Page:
In my last writing in this space, a year’s end retrospective of the best games of 1992, I hailed The Legend of Zelda: A Link To The Past as both the best game ever produced in its series, and as the single greatest game ever produced for the Super Nintendo. For me, that wasn’t a terribly difficult choice — it’s the rare game that defies the aging process to near mastery, wholly, competently confident in its design.
It also bears an immensely satisfying relationship between the player and the world that Link inhabits, which is foreshadowed, in a slightly more desolate fashion, by its progenitor, The Legend of Zelda (NES, 1986). From the moment the cartridge flares to life, and I can say this with at least some personal, anecdotal authority, it becomes clear that the quest in front of you is distinctly different from anything the NES had brought before. The title screen and introduction, in fact, almost promise this all on their own. Whereas the title screen for the system’s godfather, Super Mario Bros., is but a static placeholder to facilitate fun to come, The Legend of Zelda rolls out a more ambitious first impression. The title, splashed across the gleaming Triforce itself, the object of your upcoming pursuit, is placed above a waterfall streaming down from what looks like some manner of mountainside crater, a peach-tinted sky in the background, as the strains of its instantly memorable theme begin to swell.
I can’t go this whole way without mentioning, as well, that Nintendo made a rather bold, and now instantly identifiable aesthetic decision for this vaunted series launch. The cartridge for the game, customarily a shade of gray (so drab, frankly, as to surprise they didn’t color them more often) was a shiny, reflective gold. So was this the case for the game’s sequel, the more poorly-regarded (perhaps unfairly, though I’ll reserve judgement until such a time as I feature it) Link’s Adventure. Both of these cartridges, in their uniqueness alone, make me feel slightly like a child again whenever I see one.
For its age (it debuted in 1986, about three months my senior) it pushes the limits of what one would expect to be possible in sheer volume of environments alone. The wilds of Hyrule, represented here before there was truly such a thing as a town, are both expansive enough as to feel adventurous, and intimate enough to become comfortable and familiar. Presented top-down with scroll-through screen breaks, the world is flecked with caves, containing anything from progression-vital items, to ill-advised games of chance, and dungeons guarded by the monstrous followers of the dread pig-king Ganon.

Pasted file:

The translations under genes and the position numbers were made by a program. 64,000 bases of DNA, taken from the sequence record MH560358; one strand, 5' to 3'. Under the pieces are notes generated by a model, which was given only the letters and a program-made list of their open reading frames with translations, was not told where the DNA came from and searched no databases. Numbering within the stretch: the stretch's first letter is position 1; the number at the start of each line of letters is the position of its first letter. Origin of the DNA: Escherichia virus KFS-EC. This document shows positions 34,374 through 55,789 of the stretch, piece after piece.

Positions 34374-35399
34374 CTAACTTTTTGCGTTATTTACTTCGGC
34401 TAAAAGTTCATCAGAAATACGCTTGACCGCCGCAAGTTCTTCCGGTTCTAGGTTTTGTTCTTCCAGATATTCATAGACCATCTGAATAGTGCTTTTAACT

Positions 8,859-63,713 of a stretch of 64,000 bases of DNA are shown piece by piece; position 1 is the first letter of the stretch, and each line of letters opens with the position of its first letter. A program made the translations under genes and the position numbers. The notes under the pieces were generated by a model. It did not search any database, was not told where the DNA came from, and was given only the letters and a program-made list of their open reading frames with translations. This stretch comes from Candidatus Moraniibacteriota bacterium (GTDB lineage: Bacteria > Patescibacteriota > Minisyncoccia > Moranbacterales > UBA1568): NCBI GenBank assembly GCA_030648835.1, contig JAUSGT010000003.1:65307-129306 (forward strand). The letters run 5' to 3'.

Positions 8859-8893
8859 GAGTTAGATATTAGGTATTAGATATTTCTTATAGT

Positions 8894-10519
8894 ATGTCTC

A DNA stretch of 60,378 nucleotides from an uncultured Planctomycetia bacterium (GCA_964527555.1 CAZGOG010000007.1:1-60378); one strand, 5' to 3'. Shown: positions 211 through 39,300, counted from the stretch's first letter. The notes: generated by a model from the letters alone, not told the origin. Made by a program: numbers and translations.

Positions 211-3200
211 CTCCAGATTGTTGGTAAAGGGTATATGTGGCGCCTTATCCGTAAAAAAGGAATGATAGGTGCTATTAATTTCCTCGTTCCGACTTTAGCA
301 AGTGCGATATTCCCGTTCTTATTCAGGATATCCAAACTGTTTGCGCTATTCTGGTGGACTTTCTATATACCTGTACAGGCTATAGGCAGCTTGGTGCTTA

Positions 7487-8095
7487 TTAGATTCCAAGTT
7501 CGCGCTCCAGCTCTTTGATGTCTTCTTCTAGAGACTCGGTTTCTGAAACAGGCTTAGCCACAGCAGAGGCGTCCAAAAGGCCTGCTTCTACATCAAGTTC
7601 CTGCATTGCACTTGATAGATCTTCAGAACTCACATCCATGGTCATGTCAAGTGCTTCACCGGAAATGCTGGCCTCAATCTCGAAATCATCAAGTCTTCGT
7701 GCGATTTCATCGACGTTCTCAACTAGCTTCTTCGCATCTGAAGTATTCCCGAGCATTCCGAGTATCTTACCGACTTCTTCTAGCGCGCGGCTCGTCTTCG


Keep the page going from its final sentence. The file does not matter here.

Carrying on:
Many classic Zelda foes got their start in this pioneering effort, as well — you may recognize the Moblins, and Octoroks, along with dangerously stout centaurs that roam the southeast, near the outskirts of a ghost-infested graveyard. There’s an exciting yet challenging ambiguity to the landscape, as entrances to some of the monster lairs aren’t marked by a showy entryway. In some cases, such as the game’s first dungeon, you’ll definitely have a good idea, but others require a more thorough level of discernment (the penultimate one, hidden under a nondescript tree on a random screen, being the hallmark). The necessity to have certain items before progress is possible serves the balance well, blending the feeling of an open world with just enough linear restraint to keep the game moving.
Hyrule is home to nine different dungeons, each with a piece of the Triforce of Wisdom stashed inside. The aforementioned Ganon cronies are varied in look and method, and some of them may be familiar to a Zelda loyalist with an eye for 8-bit graphics — the triceraptops-esque Dodongo (represented as more reptilian in future versions), for example, and the four-headed Manhandla, both with a pronounced weakness against bombs, as well as the lethal spider Gohma, its enormous single eye practically begging to be arrowed. Once all seven of the guardians are defeated (the first and seventh dungeons are the domain of the same dragon, Aquamentus), and those eight gold triangles that make up the Triforce of Wisdom are collected, you’re on to the ninth and final lair, the domain of Ganon.